If it quit leaking, the I wouldn't worry about it. It might handle a little bit differently , but remember, you still have the other fork. For everyday riding, that should be more then enough damping. Just get it rebuilt when you can afford it.

Biggest thing to watch out for with a leaking fork seal is fork oil getting on your brake pads. Good luck!

02-22-2003, 03:28 AM
Sounds like everything is ok Bryan. Go ride and have fun!

Steve S.

02-22-2003, 08:56 AM
I would go ahead and have the seal changed (one if not both). And yes, Kevlar has a good point about the oil getting onto the brake pads.

I had a leaky seal once, and honestly, I DID notice it, but I didn't think too much about it because it SEEMED to ride ok. Well, I rode it everyday, so gradual degradation was'n't apparent. Well, the oil made its way to the pads and started to "polish" my pads. I thought my pads were getting old, so braking power had degraded as well.

When I broke down to do some maintenance on th bike, I found about half to three-quarter of my fork fluid was gone from the right fork (left was ok). The brake pads were still in good shape (only about half used), but soaked in fluid. After I changed the fork fluid, changed the seals, changed the brake pads, bead blasted the rotors, it seemed like a whole new bike. :D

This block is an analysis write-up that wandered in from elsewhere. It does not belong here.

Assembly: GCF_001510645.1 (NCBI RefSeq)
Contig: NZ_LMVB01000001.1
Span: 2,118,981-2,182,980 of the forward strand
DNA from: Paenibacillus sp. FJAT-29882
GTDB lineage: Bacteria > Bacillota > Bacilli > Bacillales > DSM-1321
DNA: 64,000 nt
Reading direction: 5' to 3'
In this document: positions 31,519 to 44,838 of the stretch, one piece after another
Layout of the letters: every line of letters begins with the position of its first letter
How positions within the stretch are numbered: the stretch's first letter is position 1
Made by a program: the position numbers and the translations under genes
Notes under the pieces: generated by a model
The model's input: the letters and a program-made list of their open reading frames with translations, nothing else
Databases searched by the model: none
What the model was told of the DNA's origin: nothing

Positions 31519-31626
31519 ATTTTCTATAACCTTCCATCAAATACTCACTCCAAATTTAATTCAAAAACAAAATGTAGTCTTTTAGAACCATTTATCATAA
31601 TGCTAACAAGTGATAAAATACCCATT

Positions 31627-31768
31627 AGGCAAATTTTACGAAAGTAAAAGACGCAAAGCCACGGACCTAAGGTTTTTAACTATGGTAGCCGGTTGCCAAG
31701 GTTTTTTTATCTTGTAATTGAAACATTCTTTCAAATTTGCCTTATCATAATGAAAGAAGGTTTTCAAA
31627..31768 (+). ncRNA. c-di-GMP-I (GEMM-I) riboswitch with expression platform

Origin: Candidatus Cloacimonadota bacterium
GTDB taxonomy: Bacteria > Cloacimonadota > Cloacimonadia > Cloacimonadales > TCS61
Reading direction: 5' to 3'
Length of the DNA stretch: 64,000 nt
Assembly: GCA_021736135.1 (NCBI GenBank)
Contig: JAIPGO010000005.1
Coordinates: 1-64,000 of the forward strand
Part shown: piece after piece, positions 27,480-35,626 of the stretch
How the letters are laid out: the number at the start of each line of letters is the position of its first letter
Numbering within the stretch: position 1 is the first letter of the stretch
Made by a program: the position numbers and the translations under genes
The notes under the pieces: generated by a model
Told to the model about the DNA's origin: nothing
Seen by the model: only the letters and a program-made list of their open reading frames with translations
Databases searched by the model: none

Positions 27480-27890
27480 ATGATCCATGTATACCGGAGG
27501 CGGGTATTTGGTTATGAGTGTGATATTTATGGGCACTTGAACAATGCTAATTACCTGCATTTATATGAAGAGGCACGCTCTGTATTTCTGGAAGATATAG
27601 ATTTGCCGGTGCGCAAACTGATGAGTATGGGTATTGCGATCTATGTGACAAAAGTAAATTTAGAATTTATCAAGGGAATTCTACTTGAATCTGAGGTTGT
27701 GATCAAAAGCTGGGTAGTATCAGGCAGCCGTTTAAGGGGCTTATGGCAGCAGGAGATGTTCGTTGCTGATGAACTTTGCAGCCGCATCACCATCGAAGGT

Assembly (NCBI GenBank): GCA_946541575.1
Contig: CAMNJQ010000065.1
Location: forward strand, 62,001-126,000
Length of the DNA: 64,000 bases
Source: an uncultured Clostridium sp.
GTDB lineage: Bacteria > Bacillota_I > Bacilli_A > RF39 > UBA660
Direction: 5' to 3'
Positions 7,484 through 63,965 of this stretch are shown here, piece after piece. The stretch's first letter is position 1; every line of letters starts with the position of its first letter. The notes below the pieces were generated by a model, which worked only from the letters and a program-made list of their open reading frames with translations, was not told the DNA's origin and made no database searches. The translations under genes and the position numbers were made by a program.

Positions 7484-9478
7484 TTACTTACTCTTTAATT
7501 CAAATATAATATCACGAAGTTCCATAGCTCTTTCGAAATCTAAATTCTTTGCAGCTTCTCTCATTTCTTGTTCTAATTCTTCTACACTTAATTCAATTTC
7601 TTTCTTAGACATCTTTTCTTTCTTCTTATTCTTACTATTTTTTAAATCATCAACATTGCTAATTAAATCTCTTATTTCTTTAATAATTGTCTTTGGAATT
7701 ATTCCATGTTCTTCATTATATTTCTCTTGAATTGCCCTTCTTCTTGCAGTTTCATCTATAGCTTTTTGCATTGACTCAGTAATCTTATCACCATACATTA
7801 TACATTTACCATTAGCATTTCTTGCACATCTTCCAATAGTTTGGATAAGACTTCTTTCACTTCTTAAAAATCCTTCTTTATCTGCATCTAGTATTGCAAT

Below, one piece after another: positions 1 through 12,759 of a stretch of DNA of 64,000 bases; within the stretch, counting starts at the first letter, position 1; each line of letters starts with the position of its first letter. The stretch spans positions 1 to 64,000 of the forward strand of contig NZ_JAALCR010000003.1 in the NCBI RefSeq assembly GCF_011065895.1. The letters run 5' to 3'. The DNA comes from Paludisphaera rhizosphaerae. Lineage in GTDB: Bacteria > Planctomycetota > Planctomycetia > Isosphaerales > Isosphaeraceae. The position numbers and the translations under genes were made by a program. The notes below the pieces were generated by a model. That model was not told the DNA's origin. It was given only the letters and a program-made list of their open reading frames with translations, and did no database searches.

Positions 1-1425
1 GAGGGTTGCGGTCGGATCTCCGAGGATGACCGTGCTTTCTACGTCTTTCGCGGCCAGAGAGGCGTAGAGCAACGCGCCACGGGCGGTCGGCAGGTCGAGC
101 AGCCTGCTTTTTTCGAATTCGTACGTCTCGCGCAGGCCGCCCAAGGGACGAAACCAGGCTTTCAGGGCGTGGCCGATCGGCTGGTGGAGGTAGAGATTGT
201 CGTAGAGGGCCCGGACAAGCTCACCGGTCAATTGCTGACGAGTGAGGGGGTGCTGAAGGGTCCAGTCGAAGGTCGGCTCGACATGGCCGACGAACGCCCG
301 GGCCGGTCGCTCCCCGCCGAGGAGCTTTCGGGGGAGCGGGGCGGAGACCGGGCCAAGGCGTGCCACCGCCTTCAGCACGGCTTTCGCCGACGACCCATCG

Bottom line, the seals should run you about $12-$15 each. I mentioned earlier that most people don't have seal drivers laying around in their garage, but I've resorted to a roughly sized piece of PVC. It took longer to drive the seal into the fork legs, but it worked like a charm (at about 80 cents). Assuming you have front and rear sands, basic shop tools, your section of PVC pipe, your $15 seals, fork oil, and a measuring tool, you should be good to go.

I'd do it, just for a little piece of mind.

02-22-2003, 11:24 AM
Here's an update on the seal problem. After riding it for a few days it seemed as though there was no leak whatsoever. I thought it was fine. This morning I get on the bike to meet my family for breakfast (slow speeds, smooth road) and I look down as I was riding and noticed a significant leak.

I had already ordered some seals and was due to bring my bike to the shop today for a new front tire so I brought it in and had both fork seals replaced and a new BT012 front tire put on.

Now I should be all set for the twisties tomorrow!!:D

02-27-2003, 01:48 PM
A penguin is riding his motorcycle on a hot summer day. His front suspension suddenly goes screwy, so he pulls over, luckily in front of a convenience store just a few doors down from his bike dealer.

A hot day is even worse for a penguin in leather, so he stops in and gets a nice cold Eskimo Pie. Refreshed, he trots down to the dealer, who comes out to see what the problem is.

The dealer takes one look and says, "Looks like you just blew a seal."

The penguin gets a sheepish grin and wipes his chin; "No...that was just a bit of ice cream."

02-28-2003, 04:08 AM
Don't have a seal driver? Use the old seal on top of the new one, and drive the new one home by tapping on the old seal with a hammer & screwdriver.